• Jul 30, 2009
1967 Nissan Prince Skyline 2000GT - Click above for high-res image gallery

Long before Michael Jackson named two of his sons Prince, there was a Japanese manufacturer that went by that name. Actually, they were initially called Tachikawa Aircraft Company (builder of the Pearl Harbor-attacking Zeros) but then changed their name to Prince before changing it again to Fuji Precision Industries before finally switching it back to Prince in 1961, just in time to merge with Nissan in 1966. Stick with us, we're getting somewhere with all of this.

None of that would be important to non-WW2 buffs except for one Prince car – the Skyline. We were lucky enough to drive the latest and greatest Skyline (now known as the Nissan GT-R) the other day and noted how it reminded us of a Porsche 959. At that time, we were talking about the two cars' ground breaking technology and performance – but there's another similarity. Both supercars come from humble bloodlines. After all, the Porsche descended from a Volkswagen Beetle. Godzilla's ancestor is the Prince Skyline.

The second-generation S54 Nissan Prince Skyline is a particularly historic car, as it is the first time an inline-6 wound up under the hood. In fact, Nissan had to graft eight inches onto the front of the Skyline (all in front of the firewall) just to shoehorn in the 2.0-liter inline-six from the larger Gloria S40. The 1.5-liter inline-fours went into stumpier cars.

The car above is the S57 Skyline, slightly tweaked for 1967. Called the GT A200 in New Zealand – where this car hails from – the S57 is usually known as the 2000GT and came with three Weber carbs, a limited-slip diff and a five-speed manual transmission. Pretty sweet stuff for 1967... now you see where Godzilla gets it. The only drawback we can see is the 17-hour flight to Aukland.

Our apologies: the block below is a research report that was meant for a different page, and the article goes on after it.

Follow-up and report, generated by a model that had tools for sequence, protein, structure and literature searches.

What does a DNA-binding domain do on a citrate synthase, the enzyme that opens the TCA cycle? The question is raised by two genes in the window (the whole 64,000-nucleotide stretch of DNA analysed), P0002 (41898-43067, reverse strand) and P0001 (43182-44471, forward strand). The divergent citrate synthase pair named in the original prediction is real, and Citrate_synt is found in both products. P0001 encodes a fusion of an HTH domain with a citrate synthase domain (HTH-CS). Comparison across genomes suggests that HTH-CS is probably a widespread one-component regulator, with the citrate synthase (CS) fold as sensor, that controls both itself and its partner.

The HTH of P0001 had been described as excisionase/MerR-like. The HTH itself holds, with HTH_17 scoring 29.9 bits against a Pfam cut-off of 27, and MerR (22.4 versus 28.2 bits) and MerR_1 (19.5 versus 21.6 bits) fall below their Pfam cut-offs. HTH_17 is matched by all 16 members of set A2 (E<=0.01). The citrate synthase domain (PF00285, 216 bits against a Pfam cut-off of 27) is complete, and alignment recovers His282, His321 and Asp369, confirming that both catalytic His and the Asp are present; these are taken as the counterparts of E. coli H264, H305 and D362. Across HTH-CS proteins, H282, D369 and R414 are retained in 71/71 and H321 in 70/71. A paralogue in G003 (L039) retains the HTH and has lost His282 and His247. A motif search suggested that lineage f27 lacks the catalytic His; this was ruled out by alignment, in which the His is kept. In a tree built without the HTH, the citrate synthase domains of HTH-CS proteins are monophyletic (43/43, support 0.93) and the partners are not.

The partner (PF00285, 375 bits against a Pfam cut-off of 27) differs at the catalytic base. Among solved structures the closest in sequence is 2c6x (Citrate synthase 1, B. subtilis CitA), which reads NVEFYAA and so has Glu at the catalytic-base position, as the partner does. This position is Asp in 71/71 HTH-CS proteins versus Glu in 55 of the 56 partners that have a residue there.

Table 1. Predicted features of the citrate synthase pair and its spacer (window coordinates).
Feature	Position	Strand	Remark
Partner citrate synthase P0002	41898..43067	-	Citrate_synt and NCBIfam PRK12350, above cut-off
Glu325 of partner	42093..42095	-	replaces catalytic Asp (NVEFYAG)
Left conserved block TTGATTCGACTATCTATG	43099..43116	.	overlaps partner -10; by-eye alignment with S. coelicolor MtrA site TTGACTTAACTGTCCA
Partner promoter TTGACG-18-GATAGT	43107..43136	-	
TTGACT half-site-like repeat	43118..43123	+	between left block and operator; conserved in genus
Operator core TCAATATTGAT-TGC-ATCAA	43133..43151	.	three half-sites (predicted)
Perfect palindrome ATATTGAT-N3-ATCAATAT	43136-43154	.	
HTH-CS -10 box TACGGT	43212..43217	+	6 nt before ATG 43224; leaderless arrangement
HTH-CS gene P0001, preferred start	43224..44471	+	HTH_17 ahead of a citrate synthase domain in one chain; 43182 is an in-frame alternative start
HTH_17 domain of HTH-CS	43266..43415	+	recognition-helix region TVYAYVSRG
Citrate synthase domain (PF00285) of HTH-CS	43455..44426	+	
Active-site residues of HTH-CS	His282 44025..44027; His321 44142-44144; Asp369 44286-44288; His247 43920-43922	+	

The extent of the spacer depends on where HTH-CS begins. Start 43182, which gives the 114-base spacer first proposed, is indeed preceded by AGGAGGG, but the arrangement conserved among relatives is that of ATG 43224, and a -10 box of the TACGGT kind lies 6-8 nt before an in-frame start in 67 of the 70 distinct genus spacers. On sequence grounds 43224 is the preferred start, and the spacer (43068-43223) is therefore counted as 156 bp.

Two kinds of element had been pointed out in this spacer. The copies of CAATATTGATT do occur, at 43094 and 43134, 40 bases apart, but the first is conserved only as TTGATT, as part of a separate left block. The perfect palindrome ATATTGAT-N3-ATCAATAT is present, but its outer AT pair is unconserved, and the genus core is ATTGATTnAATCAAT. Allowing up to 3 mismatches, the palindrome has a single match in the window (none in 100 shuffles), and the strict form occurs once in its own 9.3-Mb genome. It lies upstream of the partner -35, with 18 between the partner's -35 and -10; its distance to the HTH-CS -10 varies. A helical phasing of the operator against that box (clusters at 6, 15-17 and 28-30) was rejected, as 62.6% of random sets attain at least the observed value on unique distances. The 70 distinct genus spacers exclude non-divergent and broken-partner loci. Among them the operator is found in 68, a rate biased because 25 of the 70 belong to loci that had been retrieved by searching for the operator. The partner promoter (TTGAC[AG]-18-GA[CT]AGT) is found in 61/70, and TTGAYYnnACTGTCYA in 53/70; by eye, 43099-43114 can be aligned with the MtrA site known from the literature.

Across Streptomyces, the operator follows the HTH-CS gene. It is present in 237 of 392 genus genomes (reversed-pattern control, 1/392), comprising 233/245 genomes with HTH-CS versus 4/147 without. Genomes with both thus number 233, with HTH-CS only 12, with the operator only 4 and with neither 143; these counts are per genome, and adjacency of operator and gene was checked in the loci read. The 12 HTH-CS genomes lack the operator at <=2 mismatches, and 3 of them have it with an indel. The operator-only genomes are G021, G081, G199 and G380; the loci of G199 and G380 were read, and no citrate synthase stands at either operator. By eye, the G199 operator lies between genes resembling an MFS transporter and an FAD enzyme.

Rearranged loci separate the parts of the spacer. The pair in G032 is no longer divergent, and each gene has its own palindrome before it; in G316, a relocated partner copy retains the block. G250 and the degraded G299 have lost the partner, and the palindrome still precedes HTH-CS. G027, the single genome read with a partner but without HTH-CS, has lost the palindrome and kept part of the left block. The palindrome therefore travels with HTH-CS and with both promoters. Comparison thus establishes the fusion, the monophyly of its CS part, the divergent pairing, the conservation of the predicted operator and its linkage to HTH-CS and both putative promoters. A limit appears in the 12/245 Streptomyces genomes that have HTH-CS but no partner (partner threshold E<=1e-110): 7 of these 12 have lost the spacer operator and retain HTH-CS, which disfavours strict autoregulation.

[Source: eBay]


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    • 1 Second Ago
  • 19 Comments
      • 5 Years Ago
      Not to be too picky, but Mitsubishi build the 'Zero' fighter.

      Autoblog needs to do their homework, or ask a 7th grader studying American history.
      • 5 Years Ago
      Ummm....

      Mitsubishi designed and built the A6M (hence the M, as in Mitsubishi) Zero. Just to be clear.

      Tachikawa Aircraft Company built some of the Zeros under license, to supply the japanese navy, but they didn't design the aircraft. They did design others, though.

      The Tachikawa facilities actually became an american air base after WWII, and most of their production turned to Prince automobiles, and was sold to Nissan, as mentioned above... Toyota evidently aquired some of Tachikawa's engineering talent, as well.

      But, as long as we are mentioning the A6M "Zero", there was a low-production version A6M2-N float-plane adapted from it by Nakajima Aircraft, which is one of the conglomerated companies that later became Fuji Heavy Industries, the parent company of Subaru.

      Quite a lot of Japanese automotive development came out of their aeronautics industry during and before WWII, when the US re-built the Japanese infrastructure and economy after the war, and turned their efforts to commerce, rather than military intentions.
        • 5 Years Ago
        Nakajima Aircraft B5N Torpedo bomber.

        Subaru wasn't even a business theory in 1941, and Nakajima is one of FIVE companies that were combined into Fuji Heavy Industries.

        My point was, not to mention Subaru specifically, but to make the point that Toyota, Nissan, Mitsubishi, and Subaru, most of the Japanese Auto industry, was a product of WWII aeronautics industry being converted under the AMERICAN occupation, to peace-time automotive industry... and that aside from Honda, those brands can be directly traced to the war-time military industrial complex.

        It isn't as though the US automotive industry didn't benefit from the capital investment of the war. The US Space program was significantly influenced from german rocket development, including Werner Von Braun directly. They also influenced the US Army Air Corps, which became the Air Force, developing jet propulsion technology.